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Adam Thielen and Stefon Diggs became just the seventh duo in NFL history to each catch 100 passes each in a season. They did so as the two lifelines for a middling Vikings offense, limited in receiver depth after the front office’s decision to move on from the reliable Jarius Wright last spring.

Grades are based on a 1-to-5 scale, with ‘5’ marking excellence, ‘4’ for above-average, ‘3’ for average, ‘2’ for below-average and ‘1’ for failure to perform. Players that did not accrue a season (weren’t on the active roster for at least six weeks) or played in three games or fewer are not graded. Below are individual grades, based on game and practice observations, weekly film reviews and interviews with coaches, for seven receivers who finished the season on the Vikings’ active roster, injured reserve or practice squad. Unofficial NFL stats, such as QB pressures, missed tackles and targeted passes, are compiled by ProFootballFocus.com.

Previously: (Running backs/tight ends) Kyle Rudolph, Dalvin Cook filled underwhelming roles. (Quarterbacks) Kirk Cousins’ first Vikings season busted when it mattered most; (Defensive backs) Harrison Smith leads a deep secondary; (Linebackers) Anthony Barr’s contract season leaves you wanting more; (Defensive linemen) Danielle Hunter’s name now among the NFL’s best

Adam Thielen (4.5) — Strung together another elite season with career highs in receptions (113), yards (1,373) and touchdowns (9). It was the third-most catches, trialing Cris Carter (’94-’95), and fourth-most receiving yardage, trailing Randy Moss (’99, ’00 and ’03) in a single season in Vikings history. Put talk of a slow preseason connection with Kirk Cousins at rest by setting the NFL record with eight straight 100-yard receiving games to begin a season, tying Calvin Johnson’s all-time streak record. Played 1,011 snaps [96.2%]. One of five Vikings to play 1,000 snaps. Received two All-Pro votes. Five drops tied for team lead. Penalized once for a false start.

A physical and elusive target, Thielen dominated contested catches even when he was covered. Became an instant viral highlight reel with plays like this 14-yard catch over the helmet of Saints corner P.J. Williams to convert a third down in the Week 8 loss.

But Thielen lost his only fumble of the season when he was hit by Saints linebacker Alex Anzalone at the Saints’ 15-yard line. The ensuing 54-yard return by Marshon Lattimore set up a Saints touchdown in the Week 8 loss. Emotions flared in New England, where he tied for his worst catch rate (5 of 10) of the season and yelled at officials and the Patriots sideline when safety Patrick Chung was injured during a pivotal 4th-and-1 run that was eventually challenged by Bill Belichick, who yelled back at Thielen. He then dropped a first-down pass as the drive fizzled.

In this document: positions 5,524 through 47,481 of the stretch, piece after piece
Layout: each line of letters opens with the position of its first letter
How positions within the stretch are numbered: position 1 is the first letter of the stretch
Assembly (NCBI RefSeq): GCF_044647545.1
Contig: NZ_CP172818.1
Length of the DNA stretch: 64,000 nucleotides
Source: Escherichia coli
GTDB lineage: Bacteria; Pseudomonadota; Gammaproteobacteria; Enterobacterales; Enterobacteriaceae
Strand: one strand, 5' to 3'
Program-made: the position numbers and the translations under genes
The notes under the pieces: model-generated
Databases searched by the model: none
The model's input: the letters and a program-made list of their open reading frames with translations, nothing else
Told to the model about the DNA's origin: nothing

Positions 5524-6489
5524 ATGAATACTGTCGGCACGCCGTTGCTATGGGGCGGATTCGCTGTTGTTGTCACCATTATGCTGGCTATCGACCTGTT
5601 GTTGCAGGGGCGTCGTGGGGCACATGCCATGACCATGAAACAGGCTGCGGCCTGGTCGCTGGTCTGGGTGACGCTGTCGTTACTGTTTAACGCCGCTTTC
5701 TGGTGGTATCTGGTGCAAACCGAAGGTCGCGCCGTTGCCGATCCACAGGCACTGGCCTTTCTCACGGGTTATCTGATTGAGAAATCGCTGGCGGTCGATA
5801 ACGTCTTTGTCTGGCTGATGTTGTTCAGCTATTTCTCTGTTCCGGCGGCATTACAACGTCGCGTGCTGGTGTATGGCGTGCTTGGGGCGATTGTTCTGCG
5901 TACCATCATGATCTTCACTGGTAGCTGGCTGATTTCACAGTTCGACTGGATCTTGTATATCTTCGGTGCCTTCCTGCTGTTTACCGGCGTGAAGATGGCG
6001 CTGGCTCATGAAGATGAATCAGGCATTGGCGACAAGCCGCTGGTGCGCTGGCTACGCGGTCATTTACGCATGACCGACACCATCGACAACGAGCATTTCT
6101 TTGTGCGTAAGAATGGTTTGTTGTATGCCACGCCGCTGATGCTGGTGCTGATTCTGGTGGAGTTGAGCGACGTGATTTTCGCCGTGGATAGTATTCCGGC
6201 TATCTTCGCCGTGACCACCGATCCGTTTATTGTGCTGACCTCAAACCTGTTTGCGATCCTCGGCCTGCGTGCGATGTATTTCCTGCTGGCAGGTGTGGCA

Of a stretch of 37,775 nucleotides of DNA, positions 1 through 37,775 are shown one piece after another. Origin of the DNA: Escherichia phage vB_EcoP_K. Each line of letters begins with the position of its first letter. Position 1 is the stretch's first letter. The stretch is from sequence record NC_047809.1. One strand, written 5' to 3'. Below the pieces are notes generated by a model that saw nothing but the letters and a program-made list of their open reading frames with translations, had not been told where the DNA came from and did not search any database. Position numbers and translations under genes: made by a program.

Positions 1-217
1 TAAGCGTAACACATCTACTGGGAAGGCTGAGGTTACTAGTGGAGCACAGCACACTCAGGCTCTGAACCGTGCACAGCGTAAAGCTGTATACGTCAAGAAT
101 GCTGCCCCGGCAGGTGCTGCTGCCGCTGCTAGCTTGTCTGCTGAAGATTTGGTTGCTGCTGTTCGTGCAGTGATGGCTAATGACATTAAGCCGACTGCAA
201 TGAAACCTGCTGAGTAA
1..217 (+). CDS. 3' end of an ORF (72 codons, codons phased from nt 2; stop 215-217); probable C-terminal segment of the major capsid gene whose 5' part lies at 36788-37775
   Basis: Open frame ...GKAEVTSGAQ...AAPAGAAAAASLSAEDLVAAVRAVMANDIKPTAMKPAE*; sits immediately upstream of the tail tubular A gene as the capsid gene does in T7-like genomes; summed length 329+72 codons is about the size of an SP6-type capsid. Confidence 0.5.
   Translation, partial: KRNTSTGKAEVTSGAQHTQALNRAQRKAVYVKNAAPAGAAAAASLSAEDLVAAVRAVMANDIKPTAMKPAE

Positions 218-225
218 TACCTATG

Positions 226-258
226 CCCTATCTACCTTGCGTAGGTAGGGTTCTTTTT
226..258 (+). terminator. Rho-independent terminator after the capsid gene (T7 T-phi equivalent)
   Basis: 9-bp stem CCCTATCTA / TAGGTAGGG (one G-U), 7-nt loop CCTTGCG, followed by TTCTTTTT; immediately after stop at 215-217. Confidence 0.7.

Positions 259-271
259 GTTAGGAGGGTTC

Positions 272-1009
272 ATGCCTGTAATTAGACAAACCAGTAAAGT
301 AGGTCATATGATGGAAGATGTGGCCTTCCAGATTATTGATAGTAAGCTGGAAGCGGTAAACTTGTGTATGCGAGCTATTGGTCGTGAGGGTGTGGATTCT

Issues persisted in Seattle, where Thielen wasn’t targeted until the third quarter of a close game. After a 35-yard catch in the fourth quarter, mics picked up Thielen shouting something to the effect of it’s been there “all f—— day.” More problems arose in the season finale loss to the Bears. Thielen was enraged after a third-down incompletion, one of only five targets that day, from Kirk Cousins, who threw the corner route early and contested that he didn’t know Thielen was going to hesitate at the top of the route. Starting around the Saints and Lions games, defenses began treating Thielen like a true No. 1 receiver with double and bracket coverages on critical downs. Had only one 100-yard game, 125 yards against the Packers in Week 12, during the second half of the season.

The frustration was a product of supreme production declining. Cousins and Thielen still had the NFL’s best catch rate [73.9%] of any duo to see 100 targets. Thielen was a premium bargain for the Vikings front office at a $6.1 million cap hit last season. He could receive a new contract this offseason, perhaps in line with Diggs’ new deal. Currently set for an $8.1 million cap hit next season while under contract through 2020.

Earned $1.1 million in bonuses for surpassing 80 catches ($600,000) and earning a Pro Bowl bid ($500,000). Added another $1 million to next year’s salary via an escalator clause for surpassing 90 catches this season.

Stefon Diggs (4.5) — Had a career year after signing a five-year contract extension in July worth up to $72 million. Caught 102 passes for 1,021 yards and tied for the team lead with nine touchdowns. Capable of beating man or zone coverage with efficient footwork and premiere athleticism. Sticky hands aren’t just for commercials. Dropped one pass, trailing only DeAndre Hopkins (0) for the fewest among receivers with 100 targets. Made a fingertip snag on a three-yard touchdown in Green Bay. In the same fourth quarter, he blazed past Davon House for a 75-yard touchdown. Perhaps even more impressive was this double move on Tramon Williams for a two-point conversion.

Had a season-high 128 yards in that game. Saw a career-high 149 targets, ninth most in the league, as Thielen and Diggs were the second-most targeted duo behind Pittsburgh’s Antonio Brown and JuJu Smith-Schuster. Played 874 snaps [83.2%] in a career-high 15 games, missing one against the Lions due to a rib injury. Played through a knee injury in New England, where he was limited to six targets in 47 snaps. Stopped his route against New Orleans, leading to P.J. Williams’ pick six for the Saints. Otherwise had a strong game with 10 catches for 119 yards and a touchdown. Penalized five times, including three false starts and a hold negating an eight-yard run in Seattle.